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Originally published October 19, 2009 at 6:52 PM | Page modified October 20, 2009 at 12:06 AM

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Jerry Brewer

After first major blunder, UW coach Steve Sarkisian shows he's human

Sarkisian explains his mistakes made in loss at Arizona State.

Seattle Times staff columnist

Steve Sarkisian became a human and a goat on the same night.

On the strangest Saturday of his exquisite introductory season, the wonder coach failed in a high-profile, late-game manner, lost because of it and provoked three days of second-guessing and criticizing, re-evaluation and introspection, heartache and outrage. As the mega-hangover subsides, there's the 35-year-old Huskies football coach, looking determined as ever, talking candidly about his shortcomings and anticipating another opportunity to compete.

It brings us to a fitting, stabilizing conclusion to this ordeal. While Sarkisian and the Huskies deserve to be chided for their bumbling performance at the end of that 24-17 loss to Arizona State on Saturday, it's also important to note that even as a mortal, Sarkisian is impressive.

He can't make up for declining to call a run play on third-and-short with 28 seconds remaining in the game. He can't make up for the defense's generosity on Arizona State's 50-yard touchdown pass in the closing seconds. He can't stop the cruel detractors from joking that those "Bark for Sark" T-shirts should now read "Barf for Sark."

What he did Monday, however, was provide closure with his honesty and humility.

"I thought I tried too hard at times," Sarkisian said after three days of reflection.

Immediately after the game Saturday, he blamed himself. That's admirable, but a lot of coaches do that. On Monday, he did something rarer. He explained himself.

Expounding about trying too hard, he first referenced Jake Locker's red-zone interception in the second quarter. Sarkisian was upset with himself for calling another pass play right after Locker had an interception negated because of a penalty.

"We have been very aggressive in the red zone, and we will continue to be," Sarkisian said. "But I felt at that time, when a quarterback throws an interception [which was negated], you can take some of the burden off him and possibly run the ball there and not try to force the issue."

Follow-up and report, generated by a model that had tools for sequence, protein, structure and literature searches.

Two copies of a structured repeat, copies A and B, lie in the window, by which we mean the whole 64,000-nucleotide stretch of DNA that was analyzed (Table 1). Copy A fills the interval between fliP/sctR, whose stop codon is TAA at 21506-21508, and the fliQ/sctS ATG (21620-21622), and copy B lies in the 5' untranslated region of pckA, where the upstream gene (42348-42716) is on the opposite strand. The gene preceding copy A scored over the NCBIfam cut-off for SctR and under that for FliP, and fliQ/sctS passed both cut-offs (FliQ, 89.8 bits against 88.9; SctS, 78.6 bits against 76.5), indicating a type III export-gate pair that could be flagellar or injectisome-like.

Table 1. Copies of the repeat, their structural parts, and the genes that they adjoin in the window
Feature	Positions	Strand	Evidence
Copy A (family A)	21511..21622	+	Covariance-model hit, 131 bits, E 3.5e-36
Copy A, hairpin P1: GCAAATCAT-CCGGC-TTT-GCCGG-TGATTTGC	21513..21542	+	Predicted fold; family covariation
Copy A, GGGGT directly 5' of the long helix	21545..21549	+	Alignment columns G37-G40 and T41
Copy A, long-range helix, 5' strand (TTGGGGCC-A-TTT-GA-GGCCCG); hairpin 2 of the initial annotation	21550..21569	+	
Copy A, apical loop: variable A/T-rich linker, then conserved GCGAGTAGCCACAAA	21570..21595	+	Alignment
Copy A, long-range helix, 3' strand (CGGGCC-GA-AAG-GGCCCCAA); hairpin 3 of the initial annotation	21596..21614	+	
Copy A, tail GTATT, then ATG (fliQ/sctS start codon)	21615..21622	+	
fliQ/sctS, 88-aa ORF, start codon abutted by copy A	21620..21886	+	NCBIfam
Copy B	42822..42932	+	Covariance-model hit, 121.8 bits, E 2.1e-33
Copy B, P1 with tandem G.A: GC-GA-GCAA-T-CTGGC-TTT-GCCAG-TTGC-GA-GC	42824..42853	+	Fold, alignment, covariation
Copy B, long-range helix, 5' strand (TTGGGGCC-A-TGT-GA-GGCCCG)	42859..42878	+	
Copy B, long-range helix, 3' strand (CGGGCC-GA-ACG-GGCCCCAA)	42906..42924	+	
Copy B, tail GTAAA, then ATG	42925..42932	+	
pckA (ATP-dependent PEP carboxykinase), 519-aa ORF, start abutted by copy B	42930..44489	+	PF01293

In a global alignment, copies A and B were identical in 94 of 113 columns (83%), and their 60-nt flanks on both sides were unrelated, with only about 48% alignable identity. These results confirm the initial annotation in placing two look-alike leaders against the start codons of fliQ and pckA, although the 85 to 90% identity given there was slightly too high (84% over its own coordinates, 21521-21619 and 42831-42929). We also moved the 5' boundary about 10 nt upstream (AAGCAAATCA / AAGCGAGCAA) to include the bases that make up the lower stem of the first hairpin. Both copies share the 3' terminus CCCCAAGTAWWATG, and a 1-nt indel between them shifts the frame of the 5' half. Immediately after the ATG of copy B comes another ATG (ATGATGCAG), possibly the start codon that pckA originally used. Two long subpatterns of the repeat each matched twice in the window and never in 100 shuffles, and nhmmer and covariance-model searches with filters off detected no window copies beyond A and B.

From there, Sarkisian went into his mistake at the end of the game. He got trapped between trying to run out the clock and staying aggressive. He remembers offensive coordinator Doug Nussmeier reminding him, before that last offensive drive, of the importance for the Huskies not to give the ball back to Arizona State. In that scenario, at worst, the Huskies would've gone to overtime seemingly with momentum after rallying from a 17-7 deficit.

Sarkisian called run plays for Chris Polk on first and second down. He gained nine yards. On third-and-one, Sarkisian said he thought the Huskies had a chance to burn the Sun Devils defense and throw the ball to freshman wide receiver James Johnson. Didn't work. The Huskies had to punt with 22 seconds left, the one thing they didn't want to do.

"As I go back and look at it now, the reality of it is I should've ran the ball on third down to get a first down and then possibly take our shots to get downfield," Sarkisian said. "I wish we could've gotten the first down on the second-down play. It would've made things a lot easier. But you learn from it. You go back to evaluate yourself as a football coach and as a team to say, 'Man, stick to your guns. Do what you believe in, and get the first down so they don't get the ball back.' "

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Of course, if the Huskies had played good defense for 13 seconds, the game would've been decided in overtime. Instead, they messed up while in three-deep coverage and allowed Chris McGaha to catch a 50-yard, game-winning touchdown pass.

In explaining that foul-up, Sarkisian chose to admit mistakes while protecting his defensive players and coaches. It was a smart move for a head coach who focuses on the offense and entrusts defensive coordinator Nick Holt with the other side of the ball. At the same time, Holt and his secondary can't avoid the abuse. It comes with the disappointment.

When Washington president Mark Emmert and athletic director Scott Woodward targeted Sarkisian, they knew they were sacrificing experience for talent and youthful exuberance. They knew Sarkisian would endure some learning moments, but his positives — energy, recruiting, winning pedigree and unpolished coaching acumen — outweighed the fact that he's green.

Put Sark's young tenure in perspective, and you find this blunder pales in comparison to his successes. The Huskies have enjoyed a level of competitiveness that you hardly ever see from a team a season removed from having a doughnut in the win column. For that reason, Sarkisian has earned some understanding. Not a pass, but understanding.

So the wonder coach moves on, human after all. In some odd way, it's reassuring. Sarkisian isn't just a front-runner. He can handle being the goat, even if it makes you want to barf.

Jerry Brewer: 206-464-2277 or jbrewer@seattletimes.com, Twitter: @Jerry_Brewer

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Jerry Brewer offers a unique perspective on the world of sports.
jbrewer@seattletimes.com | 206-464-2277

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